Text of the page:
Though Virginia City was once one of the most populous towns in Montana territory, though it was largely abandoned after the gold rush. Though the town may be sleepy these days, the bar is still bustling, and to commemorate the history of this storied town, Bale of Hay offers nightly Ghost Tours for visitors interested in knowing more about the town’s infamous past.
Though no one is 100% sure exactly how long this grizzled bar has been around, most can agree on one point: the backbar is the oldest in the state. While the tale around town is that it arrived, intact, on a riverboat from St. Louis, it probably came by train. It’s ornately carved, reaches to the ceiling, and bears a single cabinet outfitted in leaded stained glass.
The current owner, Jupe Conrad, bought the bar from his father in 1974. Since then, he has taken his role of caretaker of Palace Bar seriously. “I get some tourists who want to see an old-time bar,” he told the Great Falls Tribune in 2014, “I say, we never had enough money to remodel, and they say, well don’t ever do it.”
In 1904, the entire town of Havre burnt to the ground, and during the rebuilding process, businesses remained open from their basements. This has been immortalized in a quirky tour called Havre Beneath the Streets, where visitors can witness firsthand the resiliency of this community. The tour starts on the same block as Palace Bar, so you can easily make a day of it.
When a region is blanketed in snow for several months out of the year, indoor activities become even more important. In this vein, Montana has many historic movie theaters that are still in operation, each one a reminder of another time.
Probably the most famous of these is the Washoe Theater in Anaconda. This was the last American movie theater built in the Nuevo Deco style, and it has been lovingly maintained since it opened in 1936.
Anaconda was formerly the home of the preeminent copper mining company in Montana, and this history is well reflected inside the theater; much of the original copper tooling can still be found accenting the theater’s incredibly ornate interior.
Interestingly, there isn’t just one, but two Orpheum theaters in Montana, one in Pondera and one in Plentywood. The latter is owned by the chamber of commerce and agriculture as well as the town’s residents. It is completely volunteer-run, with all the proceeds gathered from tickets going directly back into the theater to help maintain the historic building.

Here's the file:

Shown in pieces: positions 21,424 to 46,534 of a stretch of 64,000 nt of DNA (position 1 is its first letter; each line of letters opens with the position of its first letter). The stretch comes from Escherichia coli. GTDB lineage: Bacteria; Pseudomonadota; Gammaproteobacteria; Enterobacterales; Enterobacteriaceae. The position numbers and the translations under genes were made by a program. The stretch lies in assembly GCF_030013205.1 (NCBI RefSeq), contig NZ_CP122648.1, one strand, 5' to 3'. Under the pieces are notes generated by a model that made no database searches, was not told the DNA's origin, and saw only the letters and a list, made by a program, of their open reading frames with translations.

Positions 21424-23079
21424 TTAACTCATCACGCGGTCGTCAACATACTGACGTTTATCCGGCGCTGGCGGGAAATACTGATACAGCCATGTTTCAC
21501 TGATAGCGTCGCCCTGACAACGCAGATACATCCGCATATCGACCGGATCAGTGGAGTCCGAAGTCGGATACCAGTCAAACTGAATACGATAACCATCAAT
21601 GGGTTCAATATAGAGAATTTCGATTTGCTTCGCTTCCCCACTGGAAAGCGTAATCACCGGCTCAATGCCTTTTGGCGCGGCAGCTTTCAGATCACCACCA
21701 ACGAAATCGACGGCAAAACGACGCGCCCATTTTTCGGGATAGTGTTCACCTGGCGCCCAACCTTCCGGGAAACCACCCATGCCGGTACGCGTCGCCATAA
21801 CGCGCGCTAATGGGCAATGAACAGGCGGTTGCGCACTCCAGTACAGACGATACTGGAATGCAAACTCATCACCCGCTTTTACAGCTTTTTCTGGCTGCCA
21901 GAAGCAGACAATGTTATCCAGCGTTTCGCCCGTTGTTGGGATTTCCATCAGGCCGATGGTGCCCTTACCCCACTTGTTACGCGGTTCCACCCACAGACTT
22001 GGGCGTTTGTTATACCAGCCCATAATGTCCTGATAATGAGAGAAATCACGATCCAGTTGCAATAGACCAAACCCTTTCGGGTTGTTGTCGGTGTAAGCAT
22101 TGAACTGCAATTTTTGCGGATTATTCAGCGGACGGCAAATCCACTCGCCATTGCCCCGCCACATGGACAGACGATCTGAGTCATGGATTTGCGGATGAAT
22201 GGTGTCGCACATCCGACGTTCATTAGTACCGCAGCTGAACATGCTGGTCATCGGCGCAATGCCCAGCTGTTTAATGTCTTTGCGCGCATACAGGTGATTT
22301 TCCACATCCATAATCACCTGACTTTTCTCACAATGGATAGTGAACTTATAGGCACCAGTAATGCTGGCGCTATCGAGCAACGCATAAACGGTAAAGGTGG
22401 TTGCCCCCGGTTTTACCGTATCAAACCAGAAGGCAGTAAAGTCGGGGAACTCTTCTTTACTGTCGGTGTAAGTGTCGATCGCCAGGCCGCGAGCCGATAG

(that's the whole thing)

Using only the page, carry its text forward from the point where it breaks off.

Like the rest of the Pacific Northwest, Montana’s beer culture is vast, varied, and deadly serious to the people who live here. As revered around here as fine wine and spirits, many of the beers here are brewed with local hops or those produced in nearby Idaho or Washington State.
While there’s likely at least a taproom or two in most Montanan cities, here are a few of the most popular if you’re not sure where to start.
With a flagship taproom in the northwest Montanan city of Kalispell, this brewing company combines traditional German brewing techniques with northwest hops to fashion classic, but intriguing brews. Their taproom exists as both a showroom for their selection of beers as well as something of a community gathering place. Out back on their patio is a food truck and ample seating to enjoy a cold brew on a nice day.
You might be already familiar with at least one of Big Sky Brewing Company’s offerings: their Moose Drool Brown Ale is exported to bars all over the country. But their offerings are quite diverse, with a vast selection of IPAs and a handful of stouts and seasonal offerings. And for those who don’t drink alcohol, they also craft huckleberry and local cherry sparkling waters.
Lone Peak Brewery is perfectly located right next to Big Sky, so you can easily come off the slopes and into the taproom for a pint and a burger. This husband and wife team carefully curates a diverse array of homemade brews meant to please anyone who might wander in.
The gold rush hit Montana like a ton of bricks, and with it brought would-be prospectors from all over the country and the world. Small towns sprang up anywhere an exploitable deposit was found, but when the mines were depleted, the towns soon followed suit.
But rather than sweep this tragic history under the rug, the communities surrounding these now-abandoned towns have rallied to preserve them, some in concert with the Parks Department or a local department of tourism or agriculture. Many of these still exist in the state, but here are a couple that are readily accessible to tourists.
Just east of Missoula, Garnet Ghost Town touts itself as the best-preserved one of its kind in the state. The biggest boom hit in the late 19th century, at which point Garnet was a small, but bustling town. It barely survived a few ebbs and flows until it was completely abandoned after the US entered World War II.